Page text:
you may have been doing this for longer than ive been alive but just because your a "vet" and im a "newbie" doesnt mean i dont know what im talking about. im a counterman and have been for three years and on some things i can smoke the "vets" we have here. its people like you that make the workplace miserable for us. there is no need to stereotype young people and say we dont know what were doing. just because i dont know everything there is to know about a carburetor doesnt mean i dont know what im doing. tell me what you know about working on a 250 volt hybrid? theres no need to be sour and hateful to young people. we all have to make it out in this screwed up place we call home and lifes to short to make it tough for everyone else. so dont tell me i dont know what im doing.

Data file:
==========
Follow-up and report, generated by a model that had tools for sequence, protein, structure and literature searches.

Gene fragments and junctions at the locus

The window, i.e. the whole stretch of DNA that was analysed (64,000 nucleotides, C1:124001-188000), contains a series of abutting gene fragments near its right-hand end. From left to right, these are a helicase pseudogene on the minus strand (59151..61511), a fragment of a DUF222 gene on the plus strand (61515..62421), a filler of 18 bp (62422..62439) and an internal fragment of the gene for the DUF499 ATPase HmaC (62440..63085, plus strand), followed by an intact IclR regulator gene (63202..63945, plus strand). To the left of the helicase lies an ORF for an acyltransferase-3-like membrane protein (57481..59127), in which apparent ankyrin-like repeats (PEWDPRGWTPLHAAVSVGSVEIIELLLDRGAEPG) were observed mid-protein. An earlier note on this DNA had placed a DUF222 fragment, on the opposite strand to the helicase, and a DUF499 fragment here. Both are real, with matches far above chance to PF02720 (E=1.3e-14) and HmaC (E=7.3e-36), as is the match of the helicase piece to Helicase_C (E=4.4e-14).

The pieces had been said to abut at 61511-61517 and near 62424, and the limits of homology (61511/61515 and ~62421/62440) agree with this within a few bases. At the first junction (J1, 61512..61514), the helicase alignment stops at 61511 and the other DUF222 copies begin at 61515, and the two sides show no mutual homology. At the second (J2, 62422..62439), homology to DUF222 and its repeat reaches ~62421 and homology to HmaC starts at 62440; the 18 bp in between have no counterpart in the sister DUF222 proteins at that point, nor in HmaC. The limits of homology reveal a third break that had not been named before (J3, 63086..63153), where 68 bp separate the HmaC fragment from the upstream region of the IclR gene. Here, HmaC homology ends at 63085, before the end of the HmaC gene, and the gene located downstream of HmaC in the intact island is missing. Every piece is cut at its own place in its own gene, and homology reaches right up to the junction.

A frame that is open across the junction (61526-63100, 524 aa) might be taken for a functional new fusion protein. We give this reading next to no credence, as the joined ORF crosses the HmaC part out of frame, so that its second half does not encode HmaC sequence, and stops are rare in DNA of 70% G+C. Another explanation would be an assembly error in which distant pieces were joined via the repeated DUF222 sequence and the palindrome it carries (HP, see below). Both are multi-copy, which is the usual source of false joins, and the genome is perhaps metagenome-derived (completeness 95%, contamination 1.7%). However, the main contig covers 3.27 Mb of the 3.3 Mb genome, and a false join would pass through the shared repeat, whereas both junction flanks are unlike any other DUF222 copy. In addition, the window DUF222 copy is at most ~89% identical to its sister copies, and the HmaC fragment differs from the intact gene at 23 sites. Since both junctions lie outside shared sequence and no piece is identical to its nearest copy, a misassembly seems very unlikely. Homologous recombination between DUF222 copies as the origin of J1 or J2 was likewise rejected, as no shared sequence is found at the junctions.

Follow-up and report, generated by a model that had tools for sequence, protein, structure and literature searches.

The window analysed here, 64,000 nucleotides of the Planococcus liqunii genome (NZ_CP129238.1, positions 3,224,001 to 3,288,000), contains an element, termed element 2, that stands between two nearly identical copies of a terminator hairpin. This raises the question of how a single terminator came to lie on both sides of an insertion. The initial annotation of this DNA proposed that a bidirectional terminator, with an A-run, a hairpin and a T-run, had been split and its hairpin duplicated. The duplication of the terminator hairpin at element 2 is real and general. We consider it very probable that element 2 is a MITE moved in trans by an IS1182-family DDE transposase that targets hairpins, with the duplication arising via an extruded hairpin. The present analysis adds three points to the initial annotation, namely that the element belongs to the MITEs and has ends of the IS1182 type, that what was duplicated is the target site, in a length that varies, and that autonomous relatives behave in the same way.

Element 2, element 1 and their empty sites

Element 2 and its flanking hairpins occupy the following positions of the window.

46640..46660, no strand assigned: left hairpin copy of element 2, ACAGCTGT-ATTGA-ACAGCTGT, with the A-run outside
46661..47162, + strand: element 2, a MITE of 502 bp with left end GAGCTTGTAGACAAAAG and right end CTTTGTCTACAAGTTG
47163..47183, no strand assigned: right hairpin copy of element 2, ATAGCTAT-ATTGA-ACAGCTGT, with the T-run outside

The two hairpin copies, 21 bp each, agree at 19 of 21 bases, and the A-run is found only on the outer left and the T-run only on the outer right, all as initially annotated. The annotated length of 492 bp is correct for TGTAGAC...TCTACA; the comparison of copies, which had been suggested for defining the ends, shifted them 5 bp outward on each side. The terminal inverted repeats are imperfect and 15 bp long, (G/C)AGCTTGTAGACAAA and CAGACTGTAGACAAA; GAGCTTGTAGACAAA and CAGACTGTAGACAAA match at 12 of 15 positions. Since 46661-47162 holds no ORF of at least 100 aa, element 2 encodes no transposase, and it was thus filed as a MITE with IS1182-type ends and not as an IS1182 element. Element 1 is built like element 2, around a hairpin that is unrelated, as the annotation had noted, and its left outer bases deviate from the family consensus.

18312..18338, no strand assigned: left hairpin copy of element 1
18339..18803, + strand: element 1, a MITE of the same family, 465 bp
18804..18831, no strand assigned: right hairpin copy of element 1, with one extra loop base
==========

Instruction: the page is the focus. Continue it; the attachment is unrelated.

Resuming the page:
avatar   Stephanie   star   6/14/2010   3:23 PM

You made a point I doubt many read...that it is rare that each store doesn't have at least one TRUE (my emphasis) parts professional. The one that knows what a donut is, WHY to replace headbolts on torque-to-yield applications, the one who knows that the reason the O2 isn't listed for that car is that it uses an air/fuel ratio sensor (Nope, it's not an O2, just really REALLY looks like one). The one that SAVES the sale!

I fight this battle all the time. I work for a wholesale only w/d and our GM believes that personality and customer service are the winning combination. He cites the sales figures of several people who are longtimers, but couldn't match a waterpump or tell you, by V.I.N., the tonnage of a truck. His proof is that their cheerful personalities make them consistently high performers. My point is "Imagine the figures they would do if they knew what the **** they were selling!" As Tim G. says, they buy from the lady that "talks nice" to them. great! Now think what she would sell if she were actually competent? Boggles the mind.